Portland, Ore. -- Carbon nanotubes are the strongest material on earth, more stable and rigid than diamond. But once that strength is fractured, nanotubes can be collapsed into sheets of diamond. The force that is released is enough to extrude even the strongest metals. By virtue of the controlled collapsing of metal-filled nanotubes, researchers at Rensselaer Polytechnic Institute (Troy, N.Y.) hope to harness the power of diamonds to machine nanoscale pins and posts for microelectromechanical systems.
"We were basically envisioning nanotechnology tools for extrusion/compression of nanostructured materials," said professor Pulickel Ajayan in RPI's Materials Science and Engineering department. "For example, if metals can be encapsulated into closed capsules, then it could act like a jig, which needs to be explored in more detail."
Jigs rely on precisely placed pins and posts to bend and form metal wires and other structures that create microelectromechanical systems (MEMS). The researchers believe they have discovered a way to create such metal-working tools at the nanoscale. Because nanotubes collapse with a force equal to that which forms diamond from graphite in nature, the researchers also believe that they have found a method of characterizing nanoscale materials.
"One could think of a lot of experiments where deformation at the nanoscale can be carried out with these tools inside electron microscopes to observe the atomic-scale deformation mechanisms in these nanostructures," said Ajayan. "This information is very important for developing structure-property correlations."
Ajayan performed the work with professor Florian Banhart of the Institute of Physical Chemistry at Johannes Gutenberg University (Mainz, Germany), and other researchers at Johannes Gutenberg University, the Institute for Scientific and Technological Research of San Luis Potosi, Mexico, and the University of Helsinki (Finland).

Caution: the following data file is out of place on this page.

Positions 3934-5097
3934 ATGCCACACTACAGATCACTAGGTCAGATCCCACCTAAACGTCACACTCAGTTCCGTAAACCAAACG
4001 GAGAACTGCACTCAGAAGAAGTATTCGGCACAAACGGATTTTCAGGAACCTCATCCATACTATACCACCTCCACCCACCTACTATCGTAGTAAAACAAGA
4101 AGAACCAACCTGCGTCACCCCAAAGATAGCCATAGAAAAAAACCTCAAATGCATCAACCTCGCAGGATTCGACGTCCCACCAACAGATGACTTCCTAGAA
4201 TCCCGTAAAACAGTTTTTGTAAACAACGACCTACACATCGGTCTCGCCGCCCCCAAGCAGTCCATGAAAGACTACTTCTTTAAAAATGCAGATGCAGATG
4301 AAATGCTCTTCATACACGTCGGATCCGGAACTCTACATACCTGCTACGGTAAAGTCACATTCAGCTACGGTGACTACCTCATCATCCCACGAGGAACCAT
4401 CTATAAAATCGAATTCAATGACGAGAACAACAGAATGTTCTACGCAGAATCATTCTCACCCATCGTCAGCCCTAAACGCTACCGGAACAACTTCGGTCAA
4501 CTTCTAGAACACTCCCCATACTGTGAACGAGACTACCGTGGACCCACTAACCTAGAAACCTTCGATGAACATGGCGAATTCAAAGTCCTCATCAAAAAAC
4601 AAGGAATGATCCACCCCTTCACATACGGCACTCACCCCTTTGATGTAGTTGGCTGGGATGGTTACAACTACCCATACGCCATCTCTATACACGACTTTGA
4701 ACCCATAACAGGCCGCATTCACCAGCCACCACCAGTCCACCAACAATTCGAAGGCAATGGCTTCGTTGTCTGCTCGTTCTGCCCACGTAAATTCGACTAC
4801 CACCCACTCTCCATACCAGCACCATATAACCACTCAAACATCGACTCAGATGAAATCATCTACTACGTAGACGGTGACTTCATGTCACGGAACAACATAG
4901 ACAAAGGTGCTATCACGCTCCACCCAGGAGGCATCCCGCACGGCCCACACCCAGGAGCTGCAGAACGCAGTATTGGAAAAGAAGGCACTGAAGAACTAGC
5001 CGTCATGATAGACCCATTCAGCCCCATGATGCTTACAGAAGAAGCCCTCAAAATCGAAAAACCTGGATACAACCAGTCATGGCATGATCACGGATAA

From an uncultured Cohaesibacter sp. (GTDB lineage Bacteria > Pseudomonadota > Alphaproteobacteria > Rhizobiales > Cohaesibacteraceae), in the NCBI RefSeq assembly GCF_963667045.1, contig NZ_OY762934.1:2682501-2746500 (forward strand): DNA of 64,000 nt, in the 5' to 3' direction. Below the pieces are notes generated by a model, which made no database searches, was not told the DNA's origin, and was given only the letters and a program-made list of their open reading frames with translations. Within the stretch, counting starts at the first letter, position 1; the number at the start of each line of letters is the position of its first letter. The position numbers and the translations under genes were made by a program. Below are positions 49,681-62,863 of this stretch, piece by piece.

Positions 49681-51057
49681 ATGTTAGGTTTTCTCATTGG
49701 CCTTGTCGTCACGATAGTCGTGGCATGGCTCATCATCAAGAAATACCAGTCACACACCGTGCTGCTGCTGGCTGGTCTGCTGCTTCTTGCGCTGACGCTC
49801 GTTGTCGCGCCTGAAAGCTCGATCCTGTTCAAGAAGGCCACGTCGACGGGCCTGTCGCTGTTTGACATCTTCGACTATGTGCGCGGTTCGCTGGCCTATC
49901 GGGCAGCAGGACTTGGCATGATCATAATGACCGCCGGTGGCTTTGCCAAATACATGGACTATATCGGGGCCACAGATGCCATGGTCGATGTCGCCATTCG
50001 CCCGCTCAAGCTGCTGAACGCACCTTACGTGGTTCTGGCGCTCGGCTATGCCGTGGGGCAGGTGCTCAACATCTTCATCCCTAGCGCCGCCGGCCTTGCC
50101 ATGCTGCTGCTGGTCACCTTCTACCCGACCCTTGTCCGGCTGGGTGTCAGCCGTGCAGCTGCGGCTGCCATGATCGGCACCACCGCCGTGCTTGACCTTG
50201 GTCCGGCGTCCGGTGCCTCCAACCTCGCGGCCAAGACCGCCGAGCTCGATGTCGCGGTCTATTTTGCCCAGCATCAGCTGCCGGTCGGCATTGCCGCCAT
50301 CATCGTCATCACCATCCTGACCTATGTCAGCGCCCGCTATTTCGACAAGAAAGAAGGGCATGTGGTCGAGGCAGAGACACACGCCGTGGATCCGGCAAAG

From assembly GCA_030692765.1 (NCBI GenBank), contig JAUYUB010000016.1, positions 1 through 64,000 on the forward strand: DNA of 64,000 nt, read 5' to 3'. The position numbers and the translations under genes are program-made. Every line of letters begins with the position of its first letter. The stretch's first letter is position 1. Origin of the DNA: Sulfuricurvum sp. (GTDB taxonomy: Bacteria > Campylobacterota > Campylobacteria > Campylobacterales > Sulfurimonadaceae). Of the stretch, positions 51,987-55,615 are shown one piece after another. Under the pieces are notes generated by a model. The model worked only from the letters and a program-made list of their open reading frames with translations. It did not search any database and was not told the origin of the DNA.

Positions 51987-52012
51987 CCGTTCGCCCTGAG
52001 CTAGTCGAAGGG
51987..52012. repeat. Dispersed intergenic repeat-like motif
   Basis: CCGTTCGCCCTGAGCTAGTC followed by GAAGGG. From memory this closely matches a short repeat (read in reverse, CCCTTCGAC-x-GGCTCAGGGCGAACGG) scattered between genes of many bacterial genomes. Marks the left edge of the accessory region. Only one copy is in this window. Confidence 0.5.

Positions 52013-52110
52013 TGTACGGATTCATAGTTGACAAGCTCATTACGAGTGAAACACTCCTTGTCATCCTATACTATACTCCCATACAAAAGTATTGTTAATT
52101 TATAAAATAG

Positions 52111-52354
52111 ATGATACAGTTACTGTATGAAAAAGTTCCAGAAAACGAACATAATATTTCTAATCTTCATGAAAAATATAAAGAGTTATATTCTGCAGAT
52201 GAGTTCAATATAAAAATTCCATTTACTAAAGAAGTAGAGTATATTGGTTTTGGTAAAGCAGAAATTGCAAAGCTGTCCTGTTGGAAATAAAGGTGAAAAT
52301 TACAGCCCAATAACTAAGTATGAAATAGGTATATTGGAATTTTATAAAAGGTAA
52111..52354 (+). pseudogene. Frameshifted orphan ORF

Ajayan and Banhart first discovered carbon's powerful forces in 1996 when they experimented with "super-fullerenes." Fullerenes, or buckyballs, are named for Buckminster Fuller, who invented the geodesic dome.
Subsequently, scientists speculated that the dome could be a template for a new form of carbon, which until then had been found only in diamond and graphite. But fullerenes proved to be another stable structure for carbon molecules. Officially carbon-60, the structure places 60 carbon atoms at the vertexes of a geodesic dome.
Ajayan and Banhart were experimenting with concentric carbon shells that began with a 60-atom core, but formed dozens of larger outer shells too. They found that by heating these super-fullerenes to 700°C and bombarding them with enough high-energy electrons, they could fracture the dome structures, collapsing them with enough force to nucleate pure diamond at their cores.
Next they want to harness these gigantic forces to study the precise placement of pins in jigs for fabricating future MEMS at the nanoscale. In their current experiment, they were able to create precisely tapered pins by extruding them from nanotubes that were collapsed by electron bombardment.